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It’s time to leave him alone about this . . .
One of the worst things for an athlete coming back from a serious injury is to constantly be asked about the injury.
It’s like when you have a bad back, and somebody asks you about your back, and you start to think about it more, and might feel a twinge because of the question.
There is a physiological element to this.
Breece Hall is facing that challenge this week.
In Week 7 last season, Hall suffered a season-ending knee injury, tearing an ACL and meniscus. It happened in Denver, so a big story this week is his return to Denver where he suffered the injury.
Why does that even matter?
Is he supposed to go into the game seeking revenge against the field?
It’s such a foolish angle. It doesn’t mean anything.
If you want to mention it in a story, that is fine, but why ask him about it? What is he supposed to say?
And he’s at the point now where he’s back in a groove after four NFL games playing on the surgical knee. Why, now, does he need to revisit where the injury happened and how his knee feels?
Perhaps the big story this week that he’s no longer on a snap count, contributed to knee stories this week, but he was never on a snap count, according to the coach.
Before the season opener, Robert Saleh said, “It’s not that we’re putting a snap count on it.”
But the bottom line is players hate being asked about how they feel coming back from a serious injury, especially four games into their return. If they just came back, and you ask them how they felt out there, that is one thing, but it’s time to leave Hall alone about his knee. It’s in the rearview mirror now.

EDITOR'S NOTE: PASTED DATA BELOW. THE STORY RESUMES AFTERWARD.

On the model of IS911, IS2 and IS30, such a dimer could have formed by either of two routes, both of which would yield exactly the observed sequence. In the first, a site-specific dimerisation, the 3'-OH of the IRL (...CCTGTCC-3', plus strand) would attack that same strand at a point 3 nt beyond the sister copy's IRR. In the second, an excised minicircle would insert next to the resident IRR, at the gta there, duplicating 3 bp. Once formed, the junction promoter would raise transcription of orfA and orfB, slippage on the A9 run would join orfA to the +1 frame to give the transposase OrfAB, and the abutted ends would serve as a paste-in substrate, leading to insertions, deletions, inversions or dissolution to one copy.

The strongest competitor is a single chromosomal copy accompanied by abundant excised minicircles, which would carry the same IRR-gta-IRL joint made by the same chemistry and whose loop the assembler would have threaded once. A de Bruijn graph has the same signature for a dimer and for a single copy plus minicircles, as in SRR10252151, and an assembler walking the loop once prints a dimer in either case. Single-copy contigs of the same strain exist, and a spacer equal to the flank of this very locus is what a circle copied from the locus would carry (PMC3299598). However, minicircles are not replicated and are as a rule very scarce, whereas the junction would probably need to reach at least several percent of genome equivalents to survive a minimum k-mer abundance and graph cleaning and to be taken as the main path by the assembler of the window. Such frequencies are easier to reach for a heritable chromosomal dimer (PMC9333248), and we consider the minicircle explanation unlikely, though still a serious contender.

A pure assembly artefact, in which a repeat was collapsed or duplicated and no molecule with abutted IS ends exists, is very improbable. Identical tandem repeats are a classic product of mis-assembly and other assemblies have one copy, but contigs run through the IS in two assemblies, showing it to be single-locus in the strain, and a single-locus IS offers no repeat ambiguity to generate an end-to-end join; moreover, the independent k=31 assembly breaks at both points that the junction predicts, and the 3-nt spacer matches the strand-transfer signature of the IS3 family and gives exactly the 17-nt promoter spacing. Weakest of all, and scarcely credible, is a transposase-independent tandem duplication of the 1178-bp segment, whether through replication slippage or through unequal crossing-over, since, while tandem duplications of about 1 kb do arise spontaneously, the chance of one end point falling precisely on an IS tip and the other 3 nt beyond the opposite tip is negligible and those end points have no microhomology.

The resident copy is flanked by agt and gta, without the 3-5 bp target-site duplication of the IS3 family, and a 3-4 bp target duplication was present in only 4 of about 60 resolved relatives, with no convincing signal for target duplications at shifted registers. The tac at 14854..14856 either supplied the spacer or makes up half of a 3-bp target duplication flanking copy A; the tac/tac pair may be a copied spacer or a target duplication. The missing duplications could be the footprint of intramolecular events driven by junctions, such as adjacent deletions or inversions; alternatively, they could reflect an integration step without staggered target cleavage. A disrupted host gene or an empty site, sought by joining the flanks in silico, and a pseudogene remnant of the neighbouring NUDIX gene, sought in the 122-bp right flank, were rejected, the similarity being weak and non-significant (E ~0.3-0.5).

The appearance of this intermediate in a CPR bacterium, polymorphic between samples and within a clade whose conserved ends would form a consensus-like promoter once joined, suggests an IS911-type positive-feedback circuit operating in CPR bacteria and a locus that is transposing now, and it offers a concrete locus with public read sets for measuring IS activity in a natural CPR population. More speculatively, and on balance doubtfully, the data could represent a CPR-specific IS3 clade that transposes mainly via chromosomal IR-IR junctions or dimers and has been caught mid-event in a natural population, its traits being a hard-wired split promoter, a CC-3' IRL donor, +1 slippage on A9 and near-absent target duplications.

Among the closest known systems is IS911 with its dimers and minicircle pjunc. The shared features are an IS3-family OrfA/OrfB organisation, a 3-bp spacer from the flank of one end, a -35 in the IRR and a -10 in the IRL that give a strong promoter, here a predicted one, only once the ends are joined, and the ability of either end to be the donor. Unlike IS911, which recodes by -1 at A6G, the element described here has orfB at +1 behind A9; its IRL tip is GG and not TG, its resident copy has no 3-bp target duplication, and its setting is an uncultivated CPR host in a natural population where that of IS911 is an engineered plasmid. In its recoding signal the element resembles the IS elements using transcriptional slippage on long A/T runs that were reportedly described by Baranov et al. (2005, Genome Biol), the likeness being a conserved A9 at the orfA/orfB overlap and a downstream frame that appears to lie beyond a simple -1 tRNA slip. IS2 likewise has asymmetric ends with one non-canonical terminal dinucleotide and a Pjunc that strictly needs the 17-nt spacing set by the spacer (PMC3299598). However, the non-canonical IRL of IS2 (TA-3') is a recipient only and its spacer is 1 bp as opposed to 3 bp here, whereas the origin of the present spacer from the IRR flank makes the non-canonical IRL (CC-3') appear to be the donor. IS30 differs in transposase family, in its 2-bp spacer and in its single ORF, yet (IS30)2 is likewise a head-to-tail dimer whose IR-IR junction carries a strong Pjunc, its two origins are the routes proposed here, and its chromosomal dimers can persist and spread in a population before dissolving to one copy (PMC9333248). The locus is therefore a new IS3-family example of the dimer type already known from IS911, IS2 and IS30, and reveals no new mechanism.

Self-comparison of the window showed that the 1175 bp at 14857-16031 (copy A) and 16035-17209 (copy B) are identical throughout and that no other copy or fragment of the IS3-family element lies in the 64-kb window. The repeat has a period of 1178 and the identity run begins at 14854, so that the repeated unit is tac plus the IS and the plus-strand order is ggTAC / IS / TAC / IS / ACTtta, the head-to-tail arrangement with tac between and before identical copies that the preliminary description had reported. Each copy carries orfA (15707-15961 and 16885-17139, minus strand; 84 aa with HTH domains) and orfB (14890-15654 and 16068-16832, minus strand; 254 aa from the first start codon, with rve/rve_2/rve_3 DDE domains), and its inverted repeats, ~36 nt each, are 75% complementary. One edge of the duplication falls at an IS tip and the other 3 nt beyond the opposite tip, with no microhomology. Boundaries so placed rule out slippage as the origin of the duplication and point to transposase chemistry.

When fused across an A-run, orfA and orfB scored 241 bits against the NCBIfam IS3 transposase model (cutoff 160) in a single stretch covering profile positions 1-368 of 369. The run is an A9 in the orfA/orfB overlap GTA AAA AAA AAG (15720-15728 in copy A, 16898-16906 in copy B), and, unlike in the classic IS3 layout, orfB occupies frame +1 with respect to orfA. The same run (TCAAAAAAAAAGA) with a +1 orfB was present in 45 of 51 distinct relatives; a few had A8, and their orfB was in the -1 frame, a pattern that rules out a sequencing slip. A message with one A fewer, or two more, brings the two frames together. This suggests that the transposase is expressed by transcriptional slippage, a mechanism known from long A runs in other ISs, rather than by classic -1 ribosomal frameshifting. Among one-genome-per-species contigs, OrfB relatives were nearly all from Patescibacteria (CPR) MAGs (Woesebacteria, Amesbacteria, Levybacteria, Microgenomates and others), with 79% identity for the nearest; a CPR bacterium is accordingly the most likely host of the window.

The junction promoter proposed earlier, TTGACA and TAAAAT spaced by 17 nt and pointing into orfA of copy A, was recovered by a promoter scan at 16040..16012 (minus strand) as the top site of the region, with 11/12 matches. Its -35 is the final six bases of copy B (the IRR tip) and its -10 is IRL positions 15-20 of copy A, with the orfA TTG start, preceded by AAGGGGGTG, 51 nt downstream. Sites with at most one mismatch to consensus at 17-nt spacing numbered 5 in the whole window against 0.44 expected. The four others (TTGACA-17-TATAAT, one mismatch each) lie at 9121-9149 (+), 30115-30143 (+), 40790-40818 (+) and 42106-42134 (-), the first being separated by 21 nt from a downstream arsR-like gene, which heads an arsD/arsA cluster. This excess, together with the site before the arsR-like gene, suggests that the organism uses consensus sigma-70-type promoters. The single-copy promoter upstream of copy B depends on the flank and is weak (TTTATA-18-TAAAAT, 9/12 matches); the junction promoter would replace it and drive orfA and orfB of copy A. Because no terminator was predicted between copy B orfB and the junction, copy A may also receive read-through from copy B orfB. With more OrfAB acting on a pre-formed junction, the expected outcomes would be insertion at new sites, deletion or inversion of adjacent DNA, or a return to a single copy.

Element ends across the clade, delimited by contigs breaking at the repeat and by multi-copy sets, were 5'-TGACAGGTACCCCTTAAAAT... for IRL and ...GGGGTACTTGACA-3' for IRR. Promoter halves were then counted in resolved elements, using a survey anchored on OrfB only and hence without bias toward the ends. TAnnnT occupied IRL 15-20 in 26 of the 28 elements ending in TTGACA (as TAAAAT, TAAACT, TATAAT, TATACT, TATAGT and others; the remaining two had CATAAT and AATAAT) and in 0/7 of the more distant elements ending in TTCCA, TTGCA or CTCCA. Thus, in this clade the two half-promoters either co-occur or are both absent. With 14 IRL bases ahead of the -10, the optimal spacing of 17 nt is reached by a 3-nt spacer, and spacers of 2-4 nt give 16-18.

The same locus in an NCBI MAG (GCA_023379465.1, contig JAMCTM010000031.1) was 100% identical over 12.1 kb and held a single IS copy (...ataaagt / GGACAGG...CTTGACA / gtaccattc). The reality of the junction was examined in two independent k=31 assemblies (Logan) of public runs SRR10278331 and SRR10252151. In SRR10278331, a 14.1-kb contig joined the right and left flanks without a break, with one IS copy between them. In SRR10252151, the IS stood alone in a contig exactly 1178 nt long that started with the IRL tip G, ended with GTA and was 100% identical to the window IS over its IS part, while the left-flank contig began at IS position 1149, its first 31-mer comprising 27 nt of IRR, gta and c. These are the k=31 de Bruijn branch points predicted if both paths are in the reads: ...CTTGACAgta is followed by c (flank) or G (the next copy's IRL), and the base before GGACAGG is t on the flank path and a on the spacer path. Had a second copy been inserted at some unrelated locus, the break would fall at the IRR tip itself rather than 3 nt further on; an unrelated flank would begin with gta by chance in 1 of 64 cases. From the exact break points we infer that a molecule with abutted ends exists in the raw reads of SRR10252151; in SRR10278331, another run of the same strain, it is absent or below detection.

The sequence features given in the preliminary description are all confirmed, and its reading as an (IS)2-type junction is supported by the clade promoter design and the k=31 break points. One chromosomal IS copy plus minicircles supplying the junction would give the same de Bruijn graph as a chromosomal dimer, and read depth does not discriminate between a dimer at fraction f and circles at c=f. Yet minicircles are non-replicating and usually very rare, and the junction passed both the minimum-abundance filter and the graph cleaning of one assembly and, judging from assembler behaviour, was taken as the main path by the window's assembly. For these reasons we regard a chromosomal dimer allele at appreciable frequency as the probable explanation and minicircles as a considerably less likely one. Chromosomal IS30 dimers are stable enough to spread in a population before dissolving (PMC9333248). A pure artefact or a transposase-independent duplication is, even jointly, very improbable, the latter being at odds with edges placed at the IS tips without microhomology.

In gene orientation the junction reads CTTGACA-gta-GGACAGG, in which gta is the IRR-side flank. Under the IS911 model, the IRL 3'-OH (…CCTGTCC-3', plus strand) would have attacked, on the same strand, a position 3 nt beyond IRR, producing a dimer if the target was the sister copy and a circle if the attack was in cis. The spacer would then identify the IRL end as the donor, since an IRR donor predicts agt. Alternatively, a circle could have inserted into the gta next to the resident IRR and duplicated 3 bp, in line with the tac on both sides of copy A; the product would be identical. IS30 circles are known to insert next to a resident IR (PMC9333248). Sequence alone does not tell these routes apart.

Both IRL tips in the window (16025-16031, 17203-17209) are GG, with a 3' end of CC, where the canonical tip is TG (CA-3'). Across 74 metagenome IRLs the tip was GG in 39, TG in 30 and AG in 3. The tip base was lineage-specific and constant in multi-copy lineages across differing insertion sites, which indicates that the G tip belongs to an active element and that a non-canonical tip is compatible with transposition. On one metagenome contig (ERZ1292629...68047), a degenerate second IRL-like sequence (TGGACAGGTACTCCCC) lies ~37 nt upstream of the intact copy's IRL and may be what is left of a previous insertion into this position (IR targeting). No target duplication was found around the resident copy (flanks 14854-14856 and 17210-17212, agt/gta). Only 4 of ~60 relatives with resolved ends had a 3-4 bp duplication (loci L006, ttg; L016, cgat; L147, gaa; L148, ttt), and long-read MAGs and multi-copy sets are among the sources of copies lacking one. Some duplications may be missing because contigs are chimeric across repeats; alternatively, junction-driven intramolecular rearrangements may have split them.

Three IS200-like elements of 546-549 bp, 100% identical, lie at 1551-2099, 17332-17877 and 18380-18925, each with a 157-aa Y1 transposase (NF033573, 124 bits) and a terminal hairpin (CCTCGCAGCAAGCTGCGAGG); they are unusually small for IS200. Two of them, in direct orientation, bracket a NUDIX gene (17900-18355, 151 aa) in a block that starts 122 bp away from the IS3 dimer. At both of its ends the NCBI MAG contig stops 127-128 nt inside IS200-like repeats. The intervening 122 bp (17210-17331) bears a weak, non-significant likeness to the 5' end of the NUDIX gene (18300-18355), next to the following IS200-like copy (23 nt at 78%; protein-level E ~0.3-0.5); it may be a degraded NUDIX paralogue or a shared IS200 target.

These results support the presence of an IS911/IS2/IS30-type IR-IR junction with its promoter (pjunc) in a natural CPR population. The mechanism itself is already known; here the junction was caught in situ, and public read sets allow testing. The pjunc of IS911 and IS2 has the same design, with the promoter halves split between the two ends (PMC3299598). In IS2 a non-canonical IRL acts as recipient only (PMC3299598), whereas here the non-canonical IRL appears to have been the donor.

Once again, this is so bad from a sports psychology standpoint to bring up medical stuff that they are trying to keep out of their minds so they can play with a free mind.
Players hate this crap. I’m dead serious . . .
The Jets will be without their second (D.J. Reed) and third (Brandon Echols) outside corners. The Jets signed three corners to their practice squad this week, so there is clearly some concern with the numbers at the position.
When the Denver Broncos lost wide receivers Tim Patrick and K.J. Hamler both for the season during training camp, there was some concern about their depth at receiver, but it hasn’t been a problem.
They are still loaded with Jerry Jeudy, Courtland Sutton and rookie Marvin Mims, a former Oklahoma star, picked in the 2nd round of the 2023 draft, with their first pick (they had no #1 pick due to the Russell Wilson trade).
They also have Brandon Johnson, who they really like, who caught a Hail Mary against Washington early in the season, and Tre’Quan Smith, who played for Sean Payton in New Orleans.
And the Broncos have a good offensive line, so Russell Wilson should have time to throw, against a Jets pass rush that has been okay, not elite. Bryce Huff has been the biggest standout so far. He’s earning himself a ton of money next off-season, either with the Jets or somewhere else.
We all know that Denver’s defense isn’t very good, so perhaps the Jets should be able to put up a lot of points if Zach Wilson continues his solid play from last week (though we have seen him have good games before, like Pittsburgh last year, but it wasn’t sustained).
But don’t assume the Jets’ defense, which gets a lot of media praise, is going to shut down Russell Wilson and the Denver passing attack with the brilliant play-calling of Payton, especially with the Jets dinged at cornerback. This is going to be a huge challenge for the Jets’ pass defense.
So who will the fourth corner be, with Sauce Gardner and Bryce Hall starting, and Michael Carter in the slot? Likely veteran Craig James, who was released late last month, but was re-signed this week. He was with them last year, and they clearly told him he would be back, because he stayed in the area after he was cut last week to make room for Trevor Siemian. Maybe special team’s ace Justin Hardee gets some reps at cornerback. Remember, he was with Payton in New Orleans, so he’s comfortable facing that system.
October 6, 2023
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